In any case, it is virtually impossible to get a third party off the ground. Most politicians figure this out and work to steer one of the two major parties in their preferred direction. There are a few outliers, but they are all weird special cases.

by asdf on Wed Jan 16th, 2019 at 03:16:03 PM EST
[ Parent ]
My assumption, indeed, is that the only hope for democracy in the US lies with the Democrats.

And yes, I'm aware that it's a long shot.

It is rightly acknowledged that people of faith have no monopoly of virtue - Queen Elizabeth II

by eurogreen on Wed Jan 16th, 2019 at 04:05:15 PM EST
[ Parent ]
one party state then?
ho. ho. ho.

Diversity is the key to economic and political evolution.
by Cat on Wed Jan 16th, 2019 at 05:38:36 PM EST
[ Parent ]
Representative Government In The Ancient Polities

Democracy is fine, but not every citizen should have a vote. Individuals need to meet a standard for "True Democracy" as in ancient Greece with the Senate of Rome. One has the elites [later the nobility] who should run the nation, all others are dispensable as in slavery or later ownership in Medieval times of serfdom and serfs.  Sovereignty in leadership cannot be entrusted to the lesser in wealth and knowledge.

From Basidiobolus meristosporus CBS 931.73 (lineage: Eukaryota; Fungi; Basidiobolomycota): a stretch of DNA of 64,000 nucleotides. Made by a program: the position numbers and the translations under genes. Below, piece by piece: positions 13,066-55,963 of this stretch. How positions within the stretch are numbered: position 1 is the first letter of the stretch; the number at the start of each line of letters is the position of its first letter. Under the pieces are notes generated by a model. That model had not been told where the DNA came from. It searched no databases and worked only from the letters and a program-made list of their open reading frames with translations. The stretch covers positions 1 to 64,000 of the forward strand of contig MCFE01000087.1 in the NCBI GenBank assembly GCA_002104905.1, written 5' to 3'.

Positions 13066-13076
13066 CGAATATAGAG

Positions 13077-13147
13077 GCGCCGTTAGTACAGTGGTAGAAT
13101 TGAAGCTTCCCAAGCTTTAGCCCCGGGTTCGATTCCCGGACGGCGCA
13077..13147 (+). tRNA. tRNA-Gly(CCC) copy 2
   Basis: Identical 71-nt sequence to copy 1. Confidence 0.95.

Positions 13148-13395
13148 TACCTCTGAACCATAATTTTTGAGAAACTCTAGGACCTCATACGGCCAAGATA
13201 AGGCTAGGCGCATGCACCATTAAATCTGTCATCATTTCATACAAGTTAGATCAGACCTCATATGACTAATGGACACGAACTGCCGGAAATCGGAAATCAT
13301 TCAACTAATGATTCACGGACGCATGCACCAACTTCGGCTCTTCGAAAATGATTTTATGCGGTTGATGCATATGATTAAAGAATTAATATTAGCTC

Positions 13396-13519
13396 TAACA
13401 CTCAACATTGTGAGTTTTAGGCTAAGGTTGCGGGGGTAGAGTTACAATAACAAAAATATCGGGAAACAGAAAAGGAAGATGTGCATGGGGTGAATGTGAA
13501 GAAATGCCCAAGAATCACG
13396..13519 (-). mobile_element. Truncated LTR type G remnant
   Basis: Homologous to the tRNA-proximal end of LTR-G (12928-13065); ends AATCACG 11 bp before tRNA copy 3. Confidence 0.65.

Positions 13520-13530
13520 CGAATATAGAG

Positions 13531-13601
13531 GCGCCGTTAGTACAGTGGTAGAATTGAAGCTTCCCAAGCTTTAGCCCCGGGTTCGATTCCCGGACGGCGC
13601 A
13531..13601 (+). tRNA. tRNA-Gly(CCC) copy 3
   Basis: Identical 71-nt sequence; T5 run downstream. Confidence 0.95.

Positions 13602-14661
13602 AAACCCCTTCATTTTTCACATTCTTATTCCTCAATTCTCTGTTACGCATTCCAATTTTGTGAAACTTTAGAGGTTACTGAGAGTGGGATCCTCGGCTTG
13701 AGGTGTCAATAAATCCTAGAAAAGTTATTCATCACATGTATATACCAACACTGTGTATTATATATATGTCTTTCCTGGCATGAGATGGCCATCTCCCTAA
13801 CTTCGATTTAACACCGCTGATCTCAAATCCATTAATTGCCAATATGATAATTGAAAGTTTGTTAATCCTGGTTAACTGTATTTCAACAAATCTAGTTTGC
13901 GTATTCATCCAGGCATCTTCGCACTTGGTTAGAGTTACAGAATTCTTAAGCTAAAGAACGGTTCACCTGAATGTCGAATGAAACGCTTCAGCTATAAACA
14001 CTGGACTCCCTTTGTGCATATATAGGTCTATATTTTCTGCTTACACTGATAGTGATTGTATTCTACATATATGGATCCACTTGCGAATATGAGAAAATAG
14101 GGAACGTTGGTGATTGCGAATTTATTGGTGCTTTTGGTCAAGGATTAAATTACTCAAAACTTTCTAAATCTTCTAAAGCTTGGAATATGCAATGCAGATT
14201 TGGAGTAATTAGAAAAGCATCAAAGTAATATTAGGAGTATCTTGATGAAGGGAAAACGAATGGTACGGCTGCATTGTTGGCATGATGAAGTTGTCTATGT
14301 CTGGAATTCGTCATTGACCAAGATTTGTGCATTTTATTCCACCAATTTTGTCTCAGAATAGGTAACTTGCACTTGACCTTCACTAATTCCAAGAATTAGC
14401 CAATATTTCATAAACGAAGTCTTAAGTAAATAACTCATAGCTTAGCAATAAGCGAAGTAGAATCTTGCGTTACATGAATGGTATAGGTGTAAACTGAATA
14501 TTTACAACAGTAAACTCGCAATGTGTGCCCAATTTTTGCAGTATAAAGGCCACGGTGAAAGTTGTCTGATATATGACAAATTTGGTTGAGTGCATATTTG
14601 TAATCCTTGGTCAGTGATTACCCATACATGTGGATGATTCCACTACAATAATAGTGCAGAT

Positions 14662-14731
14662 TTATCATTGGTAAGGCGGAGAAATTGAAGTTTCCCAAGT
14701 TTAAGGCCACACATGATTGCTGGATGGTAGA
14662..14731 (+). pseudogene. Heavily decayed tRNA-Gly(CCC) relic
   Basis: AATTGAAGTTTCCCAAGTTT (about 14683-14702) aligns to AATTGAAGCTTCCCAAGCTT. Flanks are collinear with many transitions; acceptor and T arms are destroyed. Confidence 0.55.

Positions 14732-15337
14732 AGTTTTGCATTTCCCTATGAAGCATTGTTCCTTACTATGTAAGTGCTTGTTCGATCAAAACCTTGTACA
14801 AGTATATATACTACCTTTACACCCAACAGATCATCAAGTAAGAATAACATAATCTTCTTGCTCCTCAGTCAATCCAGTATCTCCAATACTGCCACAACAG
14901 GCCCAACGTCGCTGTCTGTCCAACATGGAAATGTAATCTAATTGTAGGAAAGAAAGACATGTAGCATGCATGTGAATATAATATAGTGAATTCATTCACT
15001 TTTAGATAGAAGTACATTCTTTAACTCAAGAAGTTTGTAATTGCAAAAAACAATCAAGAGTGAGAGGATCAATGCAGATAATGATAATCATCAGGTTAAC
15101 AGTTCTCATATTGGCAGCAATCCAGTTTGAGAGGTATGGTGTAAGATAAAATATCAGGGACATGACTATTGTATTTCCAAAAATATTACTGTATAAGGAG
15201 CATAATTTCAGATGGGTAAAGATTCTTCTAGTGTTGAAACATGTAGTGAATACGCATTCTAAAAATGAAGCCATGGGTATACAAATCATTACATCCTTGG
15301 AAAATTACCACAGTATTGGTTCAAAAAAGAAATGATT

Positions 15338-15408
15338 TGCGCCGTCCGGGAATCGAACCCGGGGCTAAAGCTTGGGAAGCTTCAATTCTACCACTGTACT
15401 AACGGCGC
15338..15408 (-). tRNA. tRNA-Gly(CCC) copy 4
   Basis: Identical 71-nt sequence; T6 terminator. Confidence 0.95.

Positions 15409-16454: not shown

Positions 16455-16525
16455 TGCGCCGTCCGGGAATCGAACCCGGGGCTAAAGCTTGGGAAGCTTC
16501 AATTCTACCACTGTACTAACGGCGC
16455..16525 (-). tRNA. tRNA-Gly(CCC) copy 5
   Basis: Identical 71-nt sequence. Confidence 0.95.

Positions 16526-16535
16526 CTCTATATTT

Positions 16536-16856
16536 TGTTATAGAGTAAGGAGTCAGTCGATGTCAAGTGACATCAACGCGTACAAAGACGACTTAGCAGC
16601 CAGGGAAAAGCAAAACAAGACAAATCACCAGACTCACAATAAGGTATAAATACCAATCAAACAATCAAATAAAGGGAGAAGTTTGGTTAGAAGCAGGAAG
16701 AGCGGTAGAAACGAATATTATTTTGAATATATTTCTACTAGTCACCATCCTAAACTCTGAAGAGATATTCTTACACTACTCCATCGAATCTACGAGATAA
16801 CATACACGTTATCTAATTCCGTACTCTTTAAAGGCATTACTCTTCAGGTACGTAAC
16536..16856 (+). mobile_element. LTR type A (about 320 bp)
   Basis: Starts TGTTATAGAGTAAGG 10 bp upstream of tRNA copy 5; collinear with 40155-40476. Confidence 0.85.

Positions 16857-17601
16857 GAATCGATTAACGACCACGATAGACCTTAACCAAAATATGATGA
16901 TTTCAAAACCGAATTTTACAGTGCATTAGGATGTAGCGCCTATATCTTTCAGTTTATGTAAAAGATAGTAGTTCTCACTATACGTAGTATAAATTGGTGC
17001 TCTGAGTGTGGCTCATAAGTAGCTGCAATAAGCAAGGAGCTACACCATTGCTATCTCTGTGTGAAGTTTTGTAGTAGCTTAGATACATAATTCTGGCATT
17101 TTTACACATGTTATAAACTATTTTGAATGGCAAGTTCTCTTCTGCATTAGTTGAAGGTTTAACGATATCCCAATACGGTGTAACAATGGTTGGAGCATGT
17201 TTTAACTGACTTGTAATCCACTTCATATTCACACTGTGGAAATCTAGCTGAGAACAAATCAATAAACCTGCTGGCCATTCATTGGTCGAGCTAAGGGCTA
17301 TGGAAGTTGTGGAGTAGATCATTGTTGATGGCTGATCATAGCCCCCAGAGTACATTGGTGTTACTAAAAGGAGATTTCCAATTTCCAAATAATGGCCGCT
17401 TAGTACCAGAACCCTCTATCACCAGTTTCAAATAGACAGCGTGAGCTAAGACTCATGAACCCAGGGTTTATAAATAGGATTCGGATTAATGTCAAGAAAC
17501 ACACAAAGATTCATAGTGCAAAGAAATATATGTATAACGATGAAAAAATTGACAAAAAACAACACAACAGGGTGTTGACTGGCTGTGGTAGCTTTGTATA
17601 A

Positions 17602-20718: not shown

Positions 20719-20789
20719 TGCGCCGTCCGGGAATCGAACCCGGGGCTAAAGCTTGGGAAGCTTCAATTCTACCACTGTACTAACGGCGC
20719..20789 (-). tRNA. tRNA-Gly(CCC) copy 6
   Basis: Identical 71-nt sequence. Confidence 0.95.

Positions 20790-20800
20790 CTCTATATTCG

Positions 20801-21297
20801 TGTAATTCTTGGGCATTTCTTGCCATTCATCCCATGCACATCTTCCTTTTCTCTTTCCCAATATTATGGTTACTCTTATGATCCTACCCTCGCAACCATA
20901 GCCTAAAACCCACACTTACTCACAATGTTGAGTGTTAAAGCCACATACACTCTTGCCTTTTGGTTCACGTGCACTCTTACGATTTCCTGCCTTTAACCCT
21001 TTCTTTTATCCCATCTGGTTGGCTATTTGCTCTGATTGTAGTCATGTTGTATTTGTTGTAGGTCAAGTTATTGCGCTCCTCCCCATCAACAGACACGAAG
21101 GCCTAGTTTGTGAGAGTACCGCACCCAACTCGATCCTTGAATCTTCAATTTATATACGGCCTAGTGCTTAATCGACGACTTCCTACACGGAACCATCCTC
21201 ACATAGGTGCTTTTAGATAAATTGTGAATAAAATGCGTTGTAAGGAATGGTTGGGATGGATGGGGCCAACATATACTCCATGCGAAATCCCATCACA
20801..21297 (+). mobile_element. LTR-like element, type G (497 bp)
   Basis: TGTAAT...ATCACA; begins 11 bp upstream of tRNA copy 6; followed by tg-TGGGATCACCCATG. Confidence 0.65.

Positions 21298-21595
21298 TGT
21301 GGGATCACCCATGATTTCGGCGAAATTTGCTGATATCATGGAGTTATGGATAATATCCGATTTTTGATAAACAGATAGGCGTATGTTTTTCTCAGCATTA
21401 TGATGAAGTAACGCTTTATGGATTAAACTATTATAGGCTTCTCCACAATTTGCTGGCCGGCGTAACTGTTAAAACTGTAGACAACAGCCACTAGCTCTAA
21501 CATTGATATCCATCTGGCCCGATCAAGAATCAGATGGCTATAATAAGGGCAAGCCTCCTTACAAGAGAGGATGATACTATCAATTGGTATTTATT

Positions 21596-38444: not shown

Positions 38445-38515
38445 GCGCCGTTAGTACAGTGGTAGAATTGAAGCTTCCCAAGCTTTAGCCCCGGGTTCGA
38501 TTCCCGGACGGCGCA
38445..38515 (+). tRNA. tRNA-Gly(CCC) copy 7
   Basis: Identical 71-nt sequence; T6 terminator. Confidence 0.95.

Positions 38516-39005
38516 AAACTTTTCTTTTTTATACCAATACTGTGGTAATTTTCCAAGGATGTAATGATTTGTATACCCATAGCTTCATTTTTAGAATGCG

The Founding Fathers and the Electoral College

    Robert W. Bennett, author of Taming the Electoral College and a law professor at Northwestern University, notes that neither women nor white men without property could vote at the time, either--meaning that slavery was not the only factor that made the allocation of the Electoral College out of sync with reality. "A relatively small number of people actually had the right to vote."